Good rates news for Joondalup too
THE Joondalup council approved a 1.95 per cent rates increase when it adopted its 2017-18 budget at Tuesday night’s meeting.
As well as being the lowest rates rise in the City for more than 15 years, it was also the third consecutive year with no increase in refuse charges.
The budget estimates a capital expenditure of $43.8 million, of which 77 per cent is the capital works program, 16 per cent is capital projects and 7 per cent is motor vehicle replacement and equity.
It also estimates an operating expenditure of $154.3 million, of which 42 per cent is employee costs, 33 per cent materials and contracts, 19 per cent depreciation, 4 per cent utilities and 2 per cent for insurances.
For revenue, it estimates an operating total of $147.7 million, of which 62 per cent is rates, 26 per cent fees and charges, 8 per cent grants and subsidies and 2 per cent interest. There is also an estimated $9.7 million in capital revenue.
The main areas of expenditure include $43.8 million for parks, sporting, leisure and community facilities, $37.8 million on roads, streetlights and landscaping, $20.6 million on waste and recycling, $13.2 million on libraries, community services and events, $6.7 million on planning, compliance and health and $5.3 million on rangers community safety.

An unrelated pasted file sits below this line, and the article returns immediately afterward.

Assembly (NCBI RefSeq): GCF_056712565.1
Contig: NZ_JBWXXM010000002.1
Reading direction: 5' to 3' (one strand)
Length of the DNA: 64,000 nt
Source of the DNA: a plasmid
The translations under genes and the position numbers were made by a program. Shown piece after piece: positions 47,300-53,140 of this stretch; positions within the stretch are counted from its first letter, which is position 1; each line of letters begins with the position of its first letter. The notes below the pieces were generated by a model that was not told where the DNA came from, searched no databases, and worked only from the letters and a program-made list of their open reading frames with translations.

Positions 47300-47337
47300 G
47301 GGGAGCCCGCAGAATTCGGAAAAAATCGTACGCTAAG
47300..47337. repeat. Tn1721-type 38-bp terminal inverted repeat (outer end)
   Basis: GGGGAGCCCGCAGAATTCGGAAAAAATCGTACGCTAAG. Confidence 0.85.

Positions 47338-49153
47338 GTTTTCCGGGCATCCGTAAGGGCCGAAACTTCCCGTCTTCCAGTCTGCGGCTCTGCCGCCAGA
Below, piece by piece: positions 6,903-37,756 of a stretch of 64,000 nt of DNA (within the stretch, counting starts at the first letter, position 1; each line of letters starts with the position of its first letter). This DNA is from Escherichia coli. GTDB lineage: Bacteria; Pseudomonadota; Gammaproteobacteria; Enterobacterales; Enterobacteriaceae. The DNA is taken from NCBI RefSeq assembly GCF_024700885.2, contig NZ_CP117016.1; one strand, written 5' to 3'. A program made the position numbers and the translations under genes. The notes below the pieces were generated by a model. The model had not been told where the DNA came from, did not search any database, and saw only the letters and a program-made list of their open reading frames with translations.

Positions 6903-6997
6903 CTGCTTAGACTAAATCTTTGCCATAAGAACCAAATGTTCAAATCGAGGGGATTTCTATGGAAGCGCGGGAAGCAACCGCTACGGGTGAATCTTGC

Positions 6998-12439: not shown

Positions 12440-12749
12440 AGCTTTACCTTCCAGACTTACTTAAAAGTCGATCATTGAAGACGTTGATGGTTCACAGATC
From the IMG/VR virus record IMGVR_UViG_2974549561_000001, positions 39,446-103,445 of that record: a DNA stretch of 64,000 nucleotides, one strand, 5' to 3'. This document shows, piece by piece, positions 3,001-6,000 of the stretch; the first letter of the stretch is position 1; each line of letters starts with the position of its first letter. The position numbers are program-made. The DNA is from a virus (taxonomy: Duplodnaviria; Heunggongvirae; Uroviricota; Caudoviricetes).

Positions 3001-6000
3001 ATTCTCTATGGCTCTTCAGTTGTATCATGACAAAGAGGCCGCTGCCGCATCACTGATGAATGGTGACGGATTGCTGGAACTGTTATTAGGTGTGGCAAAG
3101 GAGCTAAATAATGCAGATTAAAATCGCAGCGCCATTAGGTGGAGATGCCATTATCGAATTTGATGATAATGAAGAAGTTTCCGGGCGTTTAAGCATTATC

Highlights include funding to advance Boas Place and the Penistone Park redevelopment, street lighting upgrades, refurbishment works at Percy Doyle Reserve and the Joondalup administration building, continuing the Leafy City program, blackspot projects at Whitfords and Marmion avenues and Ocean Reef Road, intersection upgrades at Burns Beach Road and Joondalup Drive and funding for Kaleidoscope 2017.
There was also $3.8 million budgeted for the Joondalup performing arts centre, which the council later voted not to proceed to the design development phase.
At the meeting, Mayor Troy Pickard moved an alternative motion to give “a haircut” to six programs in the capital works program he believed were “an opportunity to save money” because they were not impacted by external grants and were “not fundamental core business”.
He said this would save $1.12 million to be transferred to the Strategic Asset Management Reserve.
However, the motion was defeated, with several councillors saying they had been through six “robust” workshops to finalise the budget as recommended.